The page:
By 1977, the CIA had undergone a major reorganization by then President Jimmy Carter, responding to the disclosure of criminal activities by the CIA, including domestic spying and the activities of rogue CIA operative Edmund Wilson. After being convicted of running a private arms supply operation to Libya, Wilson was handed down a life sentence.

Wilson was a good friend and associate of both Theodore Shackley and Thomas Clines from the days of the CIA's covert war in Laos. Because of the connection to Wilson and over the objection of senior CIA bureaucrats , Shackley and Clines were both demoted and forced to resign from the agency by then CIA director Stansfield Turner. After retiring, Clines and Shackley went into business arranging arms sales for various countries. In the 1980's, when then Marine Lt. Col. Oliver North, who was operating under the command of National Security Council chief Robert McFarlane, formed a secret network to arm the Contras fighting the Sandinista government in Nicaragua, he recruited recently retired General Richard Secord to operate the arms pipeline. Secord went on to tell a Congressional committee investigating the Iran-Contra affair that he recruited his former "close associate from CIA days", Thomas Clines, to assist in carrying out the Contra war.

Massachusetts Senator John Kerry's subcommittee looking into allegations of cocaine trafficking by the pilots who were flying the arms shipments to the Contras from the United states, heard testimony from five witnesses who claimed direct personal knowledge of the involvement of CIA operatives in the cocaine trade. At the heart of the allegations is an American, John Hull, who operated a ranch in Costa Rica, used to stage Contra attacks against Nicaragua.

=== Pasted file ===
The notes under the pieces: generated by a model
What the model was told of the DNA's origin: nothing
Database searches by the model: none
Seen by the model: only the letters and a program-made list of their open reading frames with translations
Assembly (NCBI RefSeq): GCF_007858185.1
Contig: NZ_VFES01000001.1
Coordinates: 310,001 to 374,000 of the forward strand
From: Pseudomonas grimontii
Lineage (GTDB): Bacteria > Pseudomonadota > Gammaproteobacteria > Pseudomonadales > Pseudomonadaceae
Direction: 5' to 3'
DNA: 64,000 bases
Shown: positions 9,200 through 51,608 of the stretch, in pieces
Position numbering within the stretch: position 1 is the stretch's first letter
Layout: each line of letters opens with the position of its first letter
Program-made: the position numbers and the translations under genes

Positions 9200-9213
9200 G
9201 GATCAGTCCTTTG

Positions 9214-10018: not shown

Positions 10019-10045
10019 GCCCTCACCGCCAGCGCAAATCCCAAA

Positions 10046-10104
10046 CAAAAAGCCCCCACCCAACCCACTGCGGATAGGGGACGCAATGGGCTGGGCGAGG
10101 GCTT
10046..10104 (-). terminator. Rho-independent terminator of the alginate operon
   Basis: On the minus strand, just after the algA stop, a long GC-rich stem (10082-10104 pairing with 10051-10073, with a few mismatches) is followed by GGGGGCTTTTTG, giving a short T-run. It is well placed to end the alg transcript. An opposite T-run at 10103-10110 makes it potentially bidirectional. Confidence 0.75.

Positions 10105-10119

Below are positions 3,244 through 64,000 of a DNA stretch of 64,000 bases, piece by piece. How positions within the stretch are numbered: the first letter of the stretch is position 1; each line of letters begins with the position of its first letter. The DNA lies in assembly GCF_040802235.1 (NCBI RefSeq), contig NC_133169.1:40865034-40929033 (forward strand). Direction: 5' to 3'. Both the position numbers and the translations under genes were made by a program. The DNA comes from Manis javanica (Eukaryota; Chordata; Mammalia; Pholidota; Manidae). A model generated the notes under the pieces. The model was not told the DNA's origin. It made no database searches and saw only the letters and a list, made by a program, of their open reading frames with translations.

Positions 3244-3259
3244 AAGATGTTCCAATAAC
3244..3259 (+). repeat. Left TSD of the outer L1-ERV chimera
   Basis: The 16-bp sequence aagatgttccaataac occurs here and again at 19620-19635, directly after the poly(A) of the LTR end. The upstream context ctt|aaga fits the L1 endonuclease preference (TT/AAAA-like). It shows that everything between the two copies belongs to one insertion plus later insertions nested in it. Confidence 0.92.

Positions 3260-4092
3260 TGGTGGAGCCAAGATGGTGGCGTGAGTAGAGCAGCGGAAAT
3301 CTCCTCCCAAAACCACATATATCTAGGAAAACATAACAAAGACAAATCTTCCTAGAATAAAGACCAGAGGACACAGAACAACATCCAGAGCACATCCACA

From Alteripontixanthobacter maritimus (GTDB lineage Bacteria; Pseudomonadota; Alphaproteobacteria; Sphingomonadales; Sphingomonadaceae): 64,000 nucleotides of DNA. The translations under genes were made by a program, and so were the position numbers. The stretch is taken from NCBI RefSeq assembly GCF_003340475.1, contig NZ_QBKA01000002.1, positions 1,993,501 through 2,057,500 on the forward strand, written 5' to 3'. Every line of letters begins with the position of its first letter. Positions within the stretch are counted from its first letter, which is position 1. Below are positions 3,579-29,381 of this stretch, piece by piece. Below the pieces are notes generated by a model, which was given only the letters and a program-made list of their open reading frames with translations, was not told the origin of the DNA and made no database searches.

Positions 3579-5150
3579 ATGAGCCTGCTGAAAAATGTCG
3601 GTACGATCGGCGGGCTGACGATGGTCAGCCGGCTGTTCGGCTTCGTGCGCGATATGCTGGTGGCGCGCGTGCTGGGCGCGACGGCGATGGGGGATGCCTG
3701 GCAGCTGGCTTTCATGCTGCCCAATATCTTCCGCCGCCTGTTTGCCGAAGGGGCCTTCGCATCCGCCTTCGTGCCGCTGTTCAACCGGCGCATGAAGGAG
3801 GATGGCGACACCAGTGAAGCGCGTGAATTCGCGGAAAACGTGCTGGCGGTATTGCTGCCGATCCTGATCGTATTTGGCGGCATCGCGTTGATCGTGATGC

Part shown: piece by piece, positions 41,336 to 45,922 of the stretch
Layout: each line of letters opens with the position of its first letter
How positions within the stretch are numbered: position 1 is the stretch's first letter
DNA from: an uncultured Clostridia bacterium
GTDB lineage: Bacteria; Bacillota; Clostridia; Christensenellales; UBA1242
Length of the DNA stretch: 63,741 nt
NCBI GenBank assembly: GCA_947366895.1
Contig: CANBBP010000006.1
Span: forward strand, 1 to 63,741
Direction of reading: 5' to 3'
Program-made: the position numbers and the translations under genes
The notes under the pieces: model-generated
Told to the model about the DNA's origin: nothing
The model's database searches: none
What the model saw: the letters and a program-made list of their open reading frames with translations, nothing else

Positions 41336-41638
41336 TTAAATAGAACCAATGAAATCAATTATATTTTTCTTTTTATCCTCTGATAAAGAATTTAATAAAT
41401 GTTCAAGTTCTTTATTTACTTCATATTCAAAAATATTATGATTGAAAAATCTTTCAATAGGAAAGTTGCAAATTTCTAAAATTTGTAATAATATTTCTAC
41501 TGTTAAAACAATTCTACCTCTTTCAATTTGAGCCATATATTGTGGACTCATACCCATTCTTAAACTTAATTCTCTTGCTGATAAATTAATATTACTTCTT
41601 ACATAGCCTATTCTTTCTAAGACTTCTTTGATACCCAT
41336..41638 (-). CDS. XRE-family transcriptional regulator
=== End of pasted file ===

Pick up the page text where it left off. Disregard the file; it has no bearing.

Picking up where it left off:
Hull was named two years ago in a Costa Rican government investigation as a drug trafficker and was later banned from living in Costa Rica. Hull was also implicated by the Costa Ricans in an assassination attempt against a recalcitrant Contra commander named Eden Pastora. The bombing killed several journalists who were interviewing Pastora at the time of the blast.

The Banks

In December of 1989, U.S. troops invaded Panama and seized Panamanian dictator Manuel Noriega, destroying a poor neighborhood and killing more than 3,000 civilians in the process. The purpose of the attack was to unseat Noriega, who had been indicted in Florida for allowing Panama to be used as a waystation for cocaine traffickers. While several mid-level drug dealers with knowledge of the international trade recently interviewed by the Shadow scoff at Noriega's role in the drug trade as "inconsequential", the role of Panamanian banks was, and is still important. Panama has some of the world's least strict banking laws, which allow for the laundering of vast sums of drug money from the U.S. to the Colombian cocaine cartels. In his book Crimes of Patriots, Jonathan Kwitney exposes the role of the Australian Nugan-Hand Bank in financing covert activities and heroin trafficking in Southeast Asia. The bank's mysterious growth and demise traces the reach of the tentacles of the Octopus.

The bank was founded by Frank Nugan, an insecure and incompetent Australian lawyer , and by Michael John Hand, a man with a high school degree who had gone to Vietnam with the Green Berets. He had served in Laos in the 1960's as a contract CIA operative, fighting with Thomas Clines, Theodore Shackley and Richard Secord, all very big names in the Iran-Contra scandal

Michael John Hand worked with William Colby, who had been CIA director during the time Shackley was in charge of the CIA office in Laos. Colby went on to become legal counsel for the Nugan-Hand bank where he worked with Michael Hand who was also a veteran of the CIA-run Laos war.

After allegations of drug smuggling against the bank surfaced in 1977, the Australian government began a fraud investigation into the bank's operation, and in 1980 Frank Nugan committed suicide. The investigations uncovered a network of money laundering, drug and arms dealing and still mysterious ties to the CIA.

In 1988, agents of the United States Customs Office in Tampa entrapped officials of BCCI in a drug money laundering scheme. In the ensuing years, the scandal widened until 1991, when the British government seized the bank on fraud charges.